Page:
It becomes obvious, then, that the position of executive pastor is entrusted with a lot of responsibility and a great deal of power. The senior pastor shares power and authority in the fullest sense to enable the executive role to truly work. If he does share it, the executive pastor must be a faithful steward of that trust. Therefore, to be effective, the SPEP team needs to be highly relational. Further, the church must be ready to follow this contemporary design in staffing. Poor choices in motives, gifting, personalities, and timing could easily contribute to the failure of such a team, and consequently create loss for the church of God.

In summary, though the executive pastor’s role may appear unclear to many parishioners, his deployment is a reality in many of America’s megachurches. This need-driven office is particularly connected to the abilities of the traditional primary leader of the church’s staff, the senior pastor. The executive pastor’s role is to fill in the management side of the pastoral office to ensure the accomplishment of the church’s mission while avoiding overtaxing the senior pastor.

Statement of the Purpose

In an effort to effectively lead the people of God in the fulfillment of their God-given mission in the face of church growth and cultural change, larger churches are increasingly deploying this contemporary paradigm for senior leadership. Currently, there are only a few guidelines for doing so. With the critical need for church leaders to guide their congregations into successful kingdom advancement, and with the team ministry model having support in Scripture, the SPEP team paradigm is vital to the effectiveness of the church of Christ in fulfilling her mission. David Fletcher’s study proved his hypothesis via multiple case studies confirming that, “there is a functional need for an Executive Pastor to facilitate policy and vision implementation in Elder-led churches and that the position of Executive Pastor administers a church government that represents Christ and His teaching.”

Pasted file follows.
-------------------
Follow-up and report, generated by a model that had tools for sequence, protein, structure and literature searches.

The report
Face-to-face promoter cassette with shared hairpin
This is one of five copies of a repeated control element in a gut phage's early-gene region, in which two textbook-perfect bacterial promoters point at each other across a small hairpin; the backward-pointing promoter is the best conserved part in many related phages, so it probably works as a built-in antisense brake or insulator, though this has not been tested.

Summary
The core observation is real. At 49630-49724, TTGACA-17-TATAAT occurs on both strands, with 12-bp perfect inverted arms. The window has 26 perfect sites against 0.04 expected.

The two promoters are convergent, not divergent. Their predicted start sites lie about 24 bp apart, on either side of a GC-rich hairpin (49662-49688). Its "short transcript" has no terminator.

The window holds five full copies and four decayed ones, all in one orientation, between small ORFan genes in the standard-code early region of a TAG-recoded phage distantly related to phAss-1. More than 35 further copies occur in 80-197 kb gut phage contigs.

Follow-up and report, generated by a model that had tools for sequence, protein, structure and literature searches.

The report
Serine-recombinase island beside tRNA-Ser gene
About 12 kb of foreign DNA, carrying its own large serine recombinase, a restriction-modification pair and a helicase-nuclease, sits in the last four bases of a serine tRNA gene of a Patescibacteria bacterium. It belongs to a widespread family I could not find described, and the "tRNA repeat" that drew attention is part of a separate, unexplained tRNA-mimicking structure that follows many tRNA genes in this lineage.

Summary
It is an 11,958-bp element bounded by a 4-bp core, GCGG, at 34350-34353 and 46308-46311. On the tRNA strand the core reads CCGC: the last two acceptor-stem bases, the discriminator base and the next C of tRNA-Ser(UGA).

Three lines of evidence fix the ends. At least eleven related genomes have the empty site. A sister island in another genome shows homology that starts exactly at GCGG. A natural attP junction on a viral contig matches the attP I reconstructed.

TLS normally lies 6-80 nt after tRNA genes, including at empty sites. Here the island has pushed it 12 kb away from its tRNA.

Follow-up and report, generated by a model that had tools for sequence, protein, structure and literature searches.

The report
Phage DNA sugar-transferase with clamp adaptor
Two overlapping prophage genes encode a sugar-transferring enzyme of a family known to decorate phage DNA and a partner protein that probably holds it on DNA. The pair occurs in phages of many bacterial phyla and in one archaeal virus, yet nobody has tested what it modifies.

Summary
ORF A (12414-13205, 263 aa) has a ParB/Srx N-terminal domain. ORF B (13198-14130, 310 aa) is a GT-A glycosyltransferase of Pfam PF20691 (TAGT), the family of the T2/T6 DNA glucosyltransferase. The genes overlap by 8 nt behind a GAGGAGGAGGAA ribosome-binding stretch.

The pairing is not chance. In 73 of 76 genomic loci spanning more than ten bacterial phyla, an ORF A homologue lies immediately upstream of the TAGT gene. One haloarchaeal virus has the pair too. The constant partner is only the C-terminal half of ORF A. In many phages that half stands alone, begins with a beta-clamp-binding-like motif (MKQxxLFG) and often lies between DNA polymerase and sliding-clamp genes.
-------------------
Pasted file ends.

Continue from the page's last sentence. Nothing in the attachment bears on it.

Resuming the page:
The purpose of this study is to add to the knowledge base regarding the executive pastor. It explores the factors, contextual and relational, that make for a legitimate and successful SPEP experience. Drawing from the actual experiences of executive pastors reported in focus group interview settings, and supplemental interviews with their senior pastors and several other high-profile executive pastors, this study seeks to discover: How did the executive pastor office evolve? When is it appropriate for a church to move to an SPEP leadership team model? What are the core spiritual, attitudinal, and pastoral- administrative competencies? What is the job description, and what adaptations were made? What are the “rules of marriage,” the relational boundaries and overlaps of each team member’s domain? What are the primary causes of success or failure for the senior pastor and the executive pastor in their work? Is there evidence among senior pastors and their executives that the team model has been a success?